take risks with choice of bands/acts in many different ways, yet what
could potentially be a harsh and unforgiving experience, concert-wise,
tends to be good-natured, friendly and inspiring. Also, with Supersonic
specifically the opportunity for audience participation (eg the mobile
orchestra walking tour, the various workshops) and a well-managed,
well-thought out experience in terms of venues, music, stalls and so on.
“Can we make improvements?”
Of course! I’m struggling to think of specifics, since the positives
have always held the balance, but venue choice can often be a factor. I
really enjoyed last year’s Supersonic but I think the combination of
venues, in terms of layout and how they were linked, made for a slightly
less cohesive experience overall. That’s a relatively minor point, and
secondary to the programme content itself though.
“What new collaborations do you think we could make happen?”
I’m not sure I’d know where to start. I tend to welcome the line-ups
where I know relatively few of the acts, since that opens me up to new
stuff, and I have less fixed expectations about what I’m going to see.
“How could the festival grow and change?”
I personally would prefer the things I mentioned in the first question
to remain fairly constant. I’ve enjoyed the change in scale, over the
last couple of Supersonics, but can imagine all sorts of curatorial
possibilities depending on use of other locations/venues.
There may well be 1000 festivals a year but not one as inventive and directional as Supersonic, the creative curating is just awesome and a constant surprise, although we loved Supersonic at The Custard factory, it worked fantastically at the new venue too…the production and sound quality of all the spaces is the best I have heard at a festival, its obvious you really care , and that’s reflected in the friendly bunch of staff and volunteers that we see every year. There is a big Supersonic shaped gap in our calender this year, but we will be there with bells on in 2017!!!
You have got to love your Supersonic! What I love about it is that you always come away with a handful of new bands to mull over and investigate further. This is because Supersonic are not afraid to provide an eclectic mix of fresh and experimental sounds from various musical genres. The choice of venues have always been spot on, the sound quality is perfect and it feels well managed and produced. Away from the main arenas , Supersonic offers varied workshops, merch stalls, yummy food, loads of beers choices (and cocktails!); there is even a gig for the kids, which is a nice touch.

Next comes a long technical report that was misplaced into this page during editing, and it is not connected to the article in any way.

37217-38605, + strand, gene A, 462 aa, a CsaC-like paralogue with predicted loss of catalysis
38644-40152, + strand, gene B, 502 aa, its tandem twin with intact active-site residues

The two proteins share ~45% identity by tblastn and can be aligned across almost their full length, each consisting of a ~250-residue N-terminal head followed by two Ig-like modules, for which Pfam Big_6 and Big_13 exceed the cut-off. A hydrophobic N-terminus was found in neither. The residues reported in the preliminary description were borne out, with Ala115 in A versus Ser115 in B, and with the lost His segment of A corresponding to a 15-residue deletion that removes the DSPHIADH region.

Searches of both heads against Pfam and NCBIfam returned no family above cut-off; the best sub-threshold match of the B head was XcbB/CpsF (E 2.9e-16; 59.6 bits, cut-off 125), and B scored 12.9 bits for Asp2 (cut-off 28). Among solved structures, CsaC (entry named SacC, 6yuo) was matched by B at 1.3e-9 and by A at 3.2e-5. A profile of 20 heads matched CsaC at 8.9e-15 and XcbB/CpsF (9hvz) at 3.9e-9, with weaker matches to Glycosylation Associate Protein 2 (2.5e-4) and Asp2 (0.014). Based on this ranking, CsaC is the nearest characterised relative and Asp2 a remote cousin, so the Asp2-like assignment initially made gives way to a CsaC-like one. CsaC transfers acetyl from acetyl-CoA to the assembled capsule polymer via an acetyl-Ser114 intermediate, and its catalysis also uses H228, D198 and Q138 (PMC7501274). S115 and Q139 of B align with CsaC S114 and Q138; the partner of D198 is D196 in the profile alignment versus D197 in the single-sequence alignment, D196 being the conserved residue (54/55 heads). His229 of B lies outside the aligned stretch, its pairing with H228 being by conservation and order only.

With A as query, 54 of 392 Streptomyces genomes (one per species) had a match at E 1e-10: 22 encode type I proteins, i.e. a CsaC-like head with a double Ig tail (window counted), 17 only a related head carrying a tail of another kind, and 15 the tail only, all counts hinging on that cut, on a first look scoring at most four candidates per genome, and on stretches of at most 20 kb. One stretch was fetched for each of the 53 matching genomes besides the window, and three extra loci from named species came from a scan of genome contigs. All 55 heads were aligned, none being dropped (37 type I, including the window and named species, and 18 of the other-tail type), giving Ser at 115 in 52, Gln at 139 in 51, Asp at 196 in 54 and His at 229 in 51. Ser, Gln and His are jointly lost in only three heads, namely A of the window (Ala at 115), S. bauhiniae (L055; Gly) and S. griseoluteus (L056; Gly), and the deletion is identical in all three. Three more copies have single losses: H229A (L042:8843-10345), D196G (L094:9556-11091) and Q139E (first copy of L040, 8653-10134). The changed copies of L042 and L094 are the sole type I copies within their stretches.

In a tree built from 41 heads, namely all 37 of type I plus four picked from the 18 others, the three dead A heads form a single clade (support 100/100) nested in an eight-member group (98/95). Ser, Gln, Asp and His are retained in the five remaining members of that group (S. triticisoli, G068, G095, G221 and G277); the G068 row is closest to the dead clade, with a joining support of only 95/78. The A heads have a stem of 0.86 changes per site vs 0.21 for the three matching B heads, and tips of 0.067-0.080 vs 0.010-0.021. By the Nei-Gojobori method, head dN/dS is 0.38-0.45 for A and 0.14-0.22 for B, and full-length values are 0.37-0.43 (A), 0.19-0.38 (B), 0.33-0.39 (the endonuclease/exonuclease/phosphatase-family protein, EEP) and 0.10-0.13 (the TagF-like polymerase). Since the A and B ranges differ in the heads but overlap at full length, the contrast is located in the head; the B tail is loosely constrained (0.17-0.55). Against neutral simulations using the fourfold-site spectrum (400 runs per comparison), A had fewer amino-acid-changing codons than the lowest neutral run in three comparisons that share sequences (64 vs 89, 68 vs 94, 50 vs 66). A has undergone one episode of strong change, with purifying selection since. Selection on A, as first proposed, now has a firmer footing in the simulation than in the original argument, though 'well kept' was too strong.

The only idea for improvement would be to keep it in the Spring/Summer months – so there is more chance of sun (yeah, right?!) to mill around outside. If you can promise some sun, maybe more seating outside (and in) to prevent “Supersonic legs” (to quote Darren M).
Just keep on doing what you do best….it’ll be sadly missed this year BUT even more appreciated next year!!! x
I second the mention of more late-night takeovers and shenanigans- it definitely felt like things ended a bit too early and taking things into a more electronic/ darker/ dancier/ heavier vein later on would have been great. Even despite my growing age! The later start times this year definitely allowed time for a post-party lie-in too anyway! Either starting earlier (but ending at the same time) or ending later (but starting at the same time) would be cool.
Looking back, the early lineups with collaborations with the “House Of God” etc. are amazing and really added something extra for late night revellers and a change from straight up “guitar music”! Having multiple stages with a choice of bands, and then a choice of amazing DJs as on top of this was great, and a real change from other festivals where there are swathes of down time while you wait for the next band you want to see come on. Last year’s festival was great, but there definitely felt like there were pockets of “down-time” like this.
The talks were a really welcome addition to break up the day this time- The John Doran one in particular was excellent! Having more of this would be great- a full lineup of talks/ exhibitions/ films all day/ evening on a seperate stage (or a stage for talks and films each!) would be really welcome to give some breathing room for people over-indulged on music or just wanting to expand their horizons.